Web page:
Education, labor and human resources development officials are laying the foundation for an inclusive and sustainable economy by pursuing policies that ensure all individuals in APEC have equal access to education, training and employment opportunities.
“As we embarked on this new decade, we found ourselves at a critical juncture: the pandemic has profoundly impacted education systems worldwide, underscoring the urgent need for resilient and adaptable approaches,” said Zhao Li, the Lead Shepherd of the APEC Human Resources Development Working Group.
“We must prioritize the goal of ensuring equal educational opportunities for all, by not only increasing access to education but also by implementing evidence-based policies and programs that address the diverse needs of our students,” Li added.
Meeting in Detroit from 16-19 May, the group which administers regional policy cooperation on education and labor issues, deliberated ways to implement the APEC Education Strategy. This includes exploring initiatives that can enhance and align competencies to the needs of individuals, societies and economies, accelerate innovation, as well as increase employability.
Officials agreed to better assess and bridge skills gaps and strengthen lifelong vocational education and training to adequately prepare the workforce for the changing world of work. They also recognized the important role of social dialogue and to engage the workforce and employers to understand the impact of policies in place.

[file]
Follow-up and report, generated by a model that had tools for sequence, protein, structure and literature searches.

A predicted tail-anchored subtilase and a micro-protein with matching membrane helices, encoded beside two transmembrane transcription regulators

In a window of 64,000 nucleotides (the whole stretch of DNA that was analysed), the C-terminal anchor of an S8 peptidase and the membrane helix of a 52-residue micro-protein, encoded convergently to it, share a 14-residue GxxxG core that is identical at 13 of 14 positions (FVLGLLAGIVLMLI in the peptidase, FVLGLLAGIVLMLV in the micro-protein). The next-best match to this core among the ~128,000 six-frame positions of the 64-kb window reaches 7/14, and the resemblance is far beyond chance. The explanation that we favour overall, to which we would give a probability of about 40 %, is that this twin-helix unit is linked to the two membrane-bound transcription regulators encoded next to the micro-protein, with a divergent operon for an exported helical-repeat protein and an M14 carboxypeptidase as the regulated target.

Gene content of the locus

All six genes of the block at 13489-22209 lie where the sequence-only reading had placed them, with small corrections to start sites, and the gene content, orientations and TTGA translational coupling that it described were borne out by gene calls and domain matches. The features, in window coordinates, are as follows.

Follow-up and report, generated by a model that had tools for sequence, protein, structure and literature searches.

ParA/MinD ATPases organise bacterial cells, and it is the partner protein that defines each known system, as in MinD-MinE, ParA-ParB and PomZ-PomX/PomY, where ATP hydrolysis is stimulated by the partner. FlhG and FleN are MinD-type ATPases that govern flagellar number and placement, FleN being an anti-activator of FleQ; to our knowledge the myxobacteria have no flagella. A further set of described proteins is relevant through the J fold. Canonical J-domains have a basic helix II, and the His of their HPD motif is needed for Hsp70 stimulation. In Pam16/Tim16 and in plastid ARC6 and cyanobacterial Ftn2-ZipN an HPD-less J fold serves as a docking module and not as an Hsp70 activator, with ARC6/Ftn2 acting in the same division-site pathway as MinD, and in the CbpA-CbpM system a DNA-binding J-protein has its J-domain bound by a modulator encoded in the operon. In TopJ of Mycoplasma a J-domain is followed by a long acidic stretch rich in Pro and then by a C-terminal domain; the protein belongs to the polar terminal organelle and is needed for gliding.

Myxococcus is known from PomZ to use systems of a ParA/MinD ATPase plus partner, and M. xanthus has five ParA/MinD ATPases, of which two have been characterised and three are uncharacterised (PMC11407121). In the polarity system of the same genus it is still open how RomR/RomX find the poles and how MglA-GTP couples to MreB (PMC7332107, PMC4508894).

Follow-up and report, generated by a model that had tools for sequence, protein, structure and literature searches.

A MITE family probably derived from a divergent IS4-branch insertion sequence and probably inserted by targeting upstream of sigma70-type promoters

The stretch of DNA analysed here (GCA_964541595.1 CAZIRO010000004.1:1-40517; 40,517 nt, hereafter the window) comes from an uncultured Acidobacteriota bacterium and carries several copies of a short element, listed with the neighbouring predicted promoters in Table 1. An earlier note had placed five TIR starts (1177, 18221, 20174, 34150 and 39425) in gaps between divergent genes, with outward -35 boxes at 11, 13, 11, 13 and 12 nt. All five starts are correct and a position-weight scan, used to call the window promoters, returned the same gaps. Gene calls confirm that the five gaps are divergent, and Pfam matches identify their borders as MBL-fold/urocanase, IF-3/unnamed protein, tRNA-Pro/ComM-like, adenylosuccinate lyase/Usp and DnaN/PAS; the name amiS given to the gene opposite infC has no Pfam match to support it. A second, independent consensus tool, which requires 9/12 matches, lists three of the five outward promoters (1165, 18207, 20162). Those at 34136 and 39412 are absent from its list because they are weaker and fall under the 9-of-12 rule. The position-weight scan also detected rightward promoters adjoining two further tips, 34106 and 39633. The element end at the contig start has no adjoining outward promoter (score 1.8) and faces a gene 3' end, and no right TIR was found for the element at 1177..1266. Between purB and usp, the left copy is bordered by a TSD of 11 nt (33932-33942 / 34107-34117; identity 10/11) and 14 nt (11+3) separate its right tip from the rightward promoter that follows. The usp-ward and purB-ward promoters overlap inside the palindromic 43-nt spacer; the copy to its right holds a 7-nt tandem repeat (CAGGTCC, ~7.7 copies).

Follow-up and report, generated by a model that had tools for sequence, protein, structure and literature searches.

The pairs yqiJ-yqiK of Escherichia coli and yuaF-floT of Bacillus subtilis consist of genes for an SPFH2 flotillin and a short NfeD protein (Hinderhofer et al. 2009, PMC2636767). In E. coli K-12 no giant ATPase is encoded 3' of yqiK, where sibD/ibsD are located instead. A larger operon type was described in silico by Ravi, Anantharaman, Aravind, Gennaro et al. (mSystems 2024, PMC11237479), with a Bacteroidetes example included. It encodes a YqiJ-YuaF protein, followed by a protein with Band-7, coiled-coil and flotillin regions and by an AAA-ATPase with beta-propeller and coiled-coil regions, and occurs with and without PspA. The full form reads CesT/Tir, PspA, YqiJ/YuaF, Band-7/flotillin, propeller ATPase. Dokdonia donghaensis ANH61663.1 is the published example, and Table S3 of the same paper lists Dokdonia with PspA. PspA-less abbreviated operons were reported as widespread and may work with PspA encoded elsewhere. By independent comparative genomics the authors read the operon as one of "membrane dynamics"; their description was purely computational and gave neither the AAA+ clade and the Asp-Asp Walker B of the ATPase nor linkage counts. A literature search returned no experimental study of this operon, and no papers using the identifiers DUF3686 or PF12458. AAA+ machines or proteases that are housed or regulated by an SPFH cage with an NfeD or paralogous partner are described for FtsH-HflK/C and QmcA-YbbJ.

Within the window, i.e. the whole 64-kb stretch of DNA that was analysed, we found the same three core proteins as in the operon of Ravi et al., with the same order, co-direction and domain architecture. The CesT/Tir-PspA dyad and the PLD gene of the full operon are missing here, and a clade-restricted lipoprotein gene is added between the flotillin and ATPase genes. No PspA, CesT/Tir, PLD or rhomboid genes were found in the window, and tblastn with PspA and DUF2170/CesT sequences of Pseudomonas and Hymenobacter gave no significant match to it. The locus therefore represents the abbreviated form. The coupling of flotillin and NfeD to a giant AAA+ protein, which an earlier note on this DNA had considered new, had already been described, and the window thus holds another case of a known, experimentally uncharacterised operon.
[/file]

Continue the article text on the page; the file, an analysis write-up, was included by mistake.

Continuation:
“It is our responsibility to ensure that no one is left behind as economies in our region continue to evolve and adapt to a rapidly changing world,” said Li. “This means dismantling gender biases, breaking down barriers for persons with disabilities and creating an environment that nurtures diversity and inclusivity. Our efforts should particularly focus on the underserved populations in our economies.”
Recognizing the urgency of addressing climate change, officials explored how to ensure that the transition to a more sustainable economy is inclusive and how green economy training and upskilling can help prepare the workforce to support this transition.
Officials also shared best practices and policies that support an inclusive workforce as well as the emerging challenges of occupational safety and health in the digital age, as the rapid pace of technological advancements, digital transformation and evolving work dynamics only highlights the opportunities to bolster upskilling and reskilling efforts of the workforce. This includes critical thinking, problem-solving, adaptability and digital literacy.
“In developing digital capacities, it is essential to foster public-private partnerships and engage stakeholders from various sectors to ensure that capacity building programs remain relevant, responsive, and aligned with the needs of the labor market,” Li concluded.
The group endorsed a set of principles and guidelines that covers action areas such as education, capacity building, as well as labor and social protection. To read the group’s Detroit Non-Binding Principles and Recommendations for Equality and Inclusion in Education, Training and Employment, visit this page.
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